Families remember 9/11 victims on 13th anniversary of the attacks

 

They came with memorials of their own – framed photos, t-shirts, flags, tattoos, light blue ribbons, pins and roses –to remember their family members who died on Sept. 11.

 

Thousands gathered along the 9/11 Memorial Plaza Thursday morning for the commemoration ceremony. The traditionally-simple proceedings began with a presentation of the American flag and bagpipe playing.At 8:46 a.m., the gatherers observed a city-wide moment of silence to remember the first place striking the World Trade Center’s North Tower, then the reading of the names began.

 

It took about three hours to read the names of the 2,983 people who died in the World Trade Center attacks, the Pentagon, Flight 93 that crashed near Shanksville, Pa. and the 1993 WTC bombing. There were six moments of silence during the readings to signal the timeline of events.

 

Many of the 138 readers said their loved ones will always be in their hearts, thanked first responders and reminded those who gathered to never forget what happened in 2001. One young man pledged to serve in the United States Marine Corps to remember his uncle; a woman wore her sister’s “tacky” green Converse All Stars with yellow laces in her memory. Prayers were offered for the Jets, and a daughter wished she could attend Jeter’s last game with her father. Children who have never met their parents sent the message they were enjoying life.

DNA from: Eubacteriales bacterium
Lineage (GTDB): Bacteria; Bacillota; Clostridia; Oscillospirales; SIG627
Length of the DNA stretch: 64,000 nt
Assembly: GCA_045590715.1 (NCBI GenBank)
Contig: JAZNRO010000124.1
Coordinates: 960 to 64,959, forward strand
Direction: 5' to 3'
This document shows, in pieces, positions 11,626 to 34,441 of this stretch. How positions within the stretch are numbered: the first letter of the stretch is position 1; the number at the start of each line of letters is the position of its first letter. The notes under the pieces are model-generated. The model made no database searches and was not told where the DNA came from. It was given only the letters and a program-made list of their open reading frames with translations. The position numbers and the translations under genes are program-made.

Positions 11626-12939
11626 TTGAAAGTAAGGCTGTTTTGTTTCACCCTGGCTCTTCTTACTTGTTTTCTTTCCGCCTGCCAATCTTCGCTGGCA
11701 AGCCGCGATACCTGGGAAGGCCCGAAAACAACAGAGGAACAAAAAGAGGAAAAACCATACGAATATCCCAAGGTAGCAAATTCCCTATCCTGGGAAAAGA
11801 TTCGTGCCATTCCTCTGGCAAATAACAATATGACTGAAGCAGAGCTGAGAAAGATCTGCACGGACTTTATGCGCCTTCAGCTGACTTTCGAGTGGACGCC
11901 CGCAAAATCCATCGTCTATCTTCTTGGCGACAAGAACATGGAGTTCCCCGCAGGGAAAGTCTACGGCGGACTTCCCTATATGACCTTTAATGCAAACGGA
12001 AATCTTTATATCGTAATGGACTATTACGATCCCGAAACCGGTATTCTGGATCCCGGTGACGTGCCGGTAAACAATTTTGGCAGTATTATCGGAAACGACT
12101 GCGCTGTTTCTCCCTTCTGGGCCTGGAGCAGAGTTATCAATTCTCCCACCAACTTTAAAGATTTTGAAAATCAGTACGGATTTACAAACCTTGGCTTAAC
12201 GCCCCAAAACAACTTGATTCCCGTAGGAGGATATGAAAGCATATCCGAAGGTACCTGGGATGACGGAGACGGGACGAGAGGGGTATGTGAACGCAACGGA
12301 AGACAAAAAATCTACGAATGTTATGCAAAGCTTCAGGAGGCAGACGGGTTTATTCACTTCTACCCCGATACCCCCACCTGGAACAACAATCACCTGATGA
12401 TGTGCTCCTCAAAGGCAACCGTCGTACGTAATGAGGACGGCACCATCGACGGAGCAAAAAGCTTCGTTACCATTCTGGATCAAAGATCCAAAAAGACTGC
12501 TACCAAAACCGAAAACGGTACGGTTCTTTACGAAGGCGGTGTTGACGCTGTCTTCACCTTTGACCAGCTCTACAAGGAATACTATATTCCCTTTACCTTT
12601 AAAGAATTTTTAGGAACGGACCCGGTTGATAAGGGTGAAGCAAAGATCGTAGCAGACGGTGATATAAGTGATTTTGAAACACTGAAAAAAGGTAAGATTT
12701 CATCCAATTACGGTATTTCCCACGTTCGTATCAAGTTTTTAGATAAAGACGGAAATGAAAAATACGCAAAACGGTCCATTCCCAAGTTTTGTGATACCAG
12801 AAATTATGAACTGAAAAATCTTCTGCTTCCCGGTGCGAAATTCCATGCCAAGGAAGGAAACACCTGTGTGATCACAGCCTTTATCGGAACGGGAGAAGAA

"The pain is still there," said Maria Perez of Island Park, who lost her son, Anthony Perez on 9/11. Perez wears a pendant with a portrait of her 33 year old son, who worked for Cantor Fitzgerald.

"This year has been a little harder for me because I had a dream just recently where he came up and he told me ‘mom, I’m not coming back,’” Perez said.

Perez and her friend, Virginia Gahan, said they come to the ceremony every year, then watch old home videos before going to Cantor Fitzgerald's memorial in the afternoon.

Gahan said she thought there were many more attendees this year.

"It doesn’t get easier," Perez said. "Sometimes I don't know where to go except light a candle and come here."

The ceremony ended shortly before noon with the playing of taps. The plaza was open to victim family members only until 6 p.m., and re-opened to the public for the Tribute in Light.

The ceremony was attended by Mayor Bill de Blasio, Gov. Andrew Cuomo, New Jersey Gov. Chris Christie, former mayors Michael Bloomberg and Rudy Giuliani, former governors Donald DiFrancesco and George Pataki, Secretary of Homeland Security Jeh Johnson and Sen. Kirsten Gillibrand.


 
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